I have a related problem of auditory prioritization. A child talking right in front of my is receiving the same amount of mental processing power as a pencil tapping across the room, the sound of the fluorescent lights, a conversation in the hallway, and the air vents. My brain is trying to process them all equally. It can make something as simple as a conversation somewhat confusing. If you’ve ever been talking with me, and I ask you to repeat yourself a couple of times – that’s likely what’s going on. Your words are just becoming disconnected phonemes lost among the sundry other sounds you are filtering out without a second thought.

I know I’m overloading when I start getting unaccountably angry. It’s like a crawling/twinging sensation in my neck and shoulders. At that point, I’m in danger of the class seeing me behave angrily (and some have), so I will often try to conclude the activity we’re on and move to something quieter – whether I’ve planned such an activity or not. Other times, if the kids are working independently, I’ll step outside my door for just a second in an attempt to “reset”. Sometimes, I may just get really quiet for a few seconds as I attempt to reset internally – but that’s a last resort as it guarantees a meltdown later to buy me a few minutes right now.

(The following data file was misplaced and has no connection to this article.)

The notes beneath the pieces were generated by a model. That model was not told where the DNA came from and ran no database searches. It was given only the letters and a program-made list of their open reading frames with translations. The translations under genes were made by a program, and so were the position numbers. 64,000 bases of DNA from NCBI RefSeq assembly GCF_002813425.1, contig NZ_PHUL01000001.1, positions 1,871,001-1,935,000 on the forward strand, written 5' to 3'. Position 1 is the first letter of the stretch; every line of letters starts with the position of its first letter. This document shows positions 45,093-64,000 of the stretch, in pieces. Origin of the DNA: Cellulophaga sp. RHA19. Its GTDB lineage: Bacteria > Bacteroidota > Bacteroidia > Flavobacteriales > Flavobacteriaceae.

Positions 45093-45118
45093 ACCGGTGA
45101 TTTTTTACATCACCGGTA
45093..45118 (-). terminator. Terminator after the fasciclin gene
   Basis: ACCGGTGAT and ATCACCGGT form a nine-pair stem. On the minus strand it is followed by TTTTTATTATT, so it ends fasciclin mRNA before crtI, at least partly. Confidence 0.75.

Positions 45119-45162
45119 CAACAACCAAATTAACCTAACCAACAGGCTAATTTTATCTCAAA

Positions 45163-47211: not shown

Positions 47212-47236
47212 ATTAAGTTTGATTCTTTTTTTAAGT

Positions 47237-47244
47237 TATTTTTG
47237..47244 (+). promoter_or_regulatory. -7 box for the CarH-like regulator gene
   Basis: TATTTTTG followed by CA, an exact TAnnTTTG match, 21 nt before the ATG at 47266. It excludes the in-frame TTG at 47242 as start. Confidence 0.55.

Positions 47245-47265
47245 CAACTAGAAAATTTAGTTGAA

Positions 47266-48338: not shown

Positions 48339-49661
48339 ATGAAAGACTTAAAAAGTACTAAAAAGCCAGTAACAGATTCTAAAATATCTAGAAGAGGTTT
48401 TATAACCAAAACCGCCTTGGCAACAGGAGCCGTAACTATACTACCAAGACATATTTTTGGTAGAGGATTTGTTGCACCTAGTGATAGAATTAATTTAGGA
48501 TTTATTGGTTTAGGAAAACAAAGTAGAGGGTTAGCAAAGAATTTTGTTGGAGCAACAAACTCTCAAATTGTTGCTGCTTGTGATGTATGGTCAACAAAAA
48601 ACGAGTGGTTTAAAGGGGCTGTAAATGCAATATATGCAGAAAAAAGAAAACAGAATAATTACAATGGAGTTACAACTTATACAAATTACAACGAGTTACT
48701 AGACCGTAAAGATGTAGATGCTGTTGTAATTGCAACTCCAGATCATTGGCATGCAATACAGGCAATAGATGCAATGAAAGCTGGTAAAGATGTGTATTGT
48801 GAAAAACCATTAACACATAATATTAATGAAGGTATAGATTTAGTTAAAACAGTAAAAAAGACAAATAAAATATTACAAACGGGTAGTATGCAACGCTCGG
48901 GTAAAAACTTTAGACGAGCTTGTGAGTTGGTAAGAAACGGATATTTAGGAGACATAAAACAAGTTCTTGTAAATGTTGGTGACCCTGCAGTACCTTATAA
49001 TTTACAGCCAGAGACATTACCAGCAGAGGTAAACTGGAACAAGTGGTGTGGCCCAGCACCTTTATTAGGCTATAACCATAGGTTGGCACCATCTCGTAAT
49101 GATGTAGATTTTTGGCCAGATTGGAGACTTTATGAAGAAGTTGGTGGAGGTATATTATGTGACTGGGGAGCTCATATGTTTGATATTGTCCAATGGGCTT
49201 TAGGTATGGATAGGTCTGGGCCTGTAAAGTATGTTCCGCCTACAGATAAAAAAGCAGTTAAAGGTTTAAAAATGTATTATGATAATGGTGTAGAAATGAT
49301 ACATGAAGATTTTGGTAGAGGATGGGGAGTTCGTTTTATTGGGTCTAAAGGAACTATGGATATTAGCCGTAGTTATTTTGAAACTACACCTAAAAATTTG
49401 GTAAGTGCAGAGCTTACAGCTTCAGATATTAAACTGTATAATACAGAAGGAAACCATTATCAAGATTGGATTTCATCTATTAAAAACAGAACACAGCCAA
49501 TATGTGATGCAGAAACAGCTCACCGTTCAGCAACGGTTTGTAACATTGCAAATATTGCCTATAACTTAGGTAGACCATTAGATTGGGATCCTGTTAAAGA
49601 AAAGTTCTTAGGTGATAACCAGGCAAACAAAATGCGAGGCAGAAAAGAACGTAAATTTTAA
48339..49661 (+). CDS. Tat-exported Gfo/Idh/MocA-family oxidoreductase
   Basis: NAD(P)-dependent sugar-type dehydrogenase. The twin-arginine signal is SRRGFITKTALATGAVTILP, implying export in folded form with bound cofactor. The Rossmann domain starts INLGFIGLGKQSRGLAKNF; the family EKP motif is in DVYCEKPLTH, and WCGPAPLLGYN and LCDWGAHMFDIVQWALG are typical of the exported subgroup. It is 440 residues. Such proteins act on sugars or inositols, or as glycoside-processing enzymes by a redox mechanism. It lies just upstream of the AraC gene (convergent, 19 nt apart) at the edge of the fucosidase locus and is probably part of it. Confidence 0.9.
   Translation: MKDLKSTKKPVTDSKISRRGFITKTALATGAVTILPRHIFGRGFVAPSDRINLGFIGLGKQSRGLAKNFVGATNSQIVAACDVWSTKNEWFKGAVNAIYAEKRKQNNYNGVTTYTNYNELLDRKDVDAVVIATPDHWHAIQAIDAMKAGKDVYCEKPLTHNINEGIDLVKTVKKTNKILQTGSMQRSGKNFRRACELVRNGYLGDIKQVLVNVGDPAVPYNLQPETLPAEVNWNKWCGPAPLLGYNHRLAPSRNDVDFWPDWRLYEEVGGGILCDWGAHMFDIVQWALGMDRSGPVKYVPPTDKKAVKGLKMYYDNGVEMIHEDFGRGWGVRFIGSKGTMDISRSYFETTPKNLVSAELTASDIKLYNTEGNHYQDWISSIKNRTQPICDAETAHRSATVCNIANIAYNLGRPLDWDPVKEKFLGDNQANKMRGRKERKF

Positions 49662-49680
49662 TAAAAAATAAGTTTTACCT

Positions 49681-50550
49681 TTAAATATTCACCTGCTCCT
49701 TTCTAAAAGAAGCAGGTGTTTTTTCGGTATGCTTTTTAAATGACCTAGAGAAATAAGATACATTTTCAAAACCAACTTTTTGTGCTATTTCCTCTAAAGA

And that is a trick I’ve learned over the years. If I’m reaching social seizure point, I can sometimes defer the meltdown to a later hour. Unfortunately, that “later” is usually at home, and it’s more intense than had I simply been able to retreat when initially needed. Other self-interventions: I may keep myself weighed down with a jacket; I might keep fiddling with my Pod; I might keep my lights dimmed; I may just start playing my class keyboard.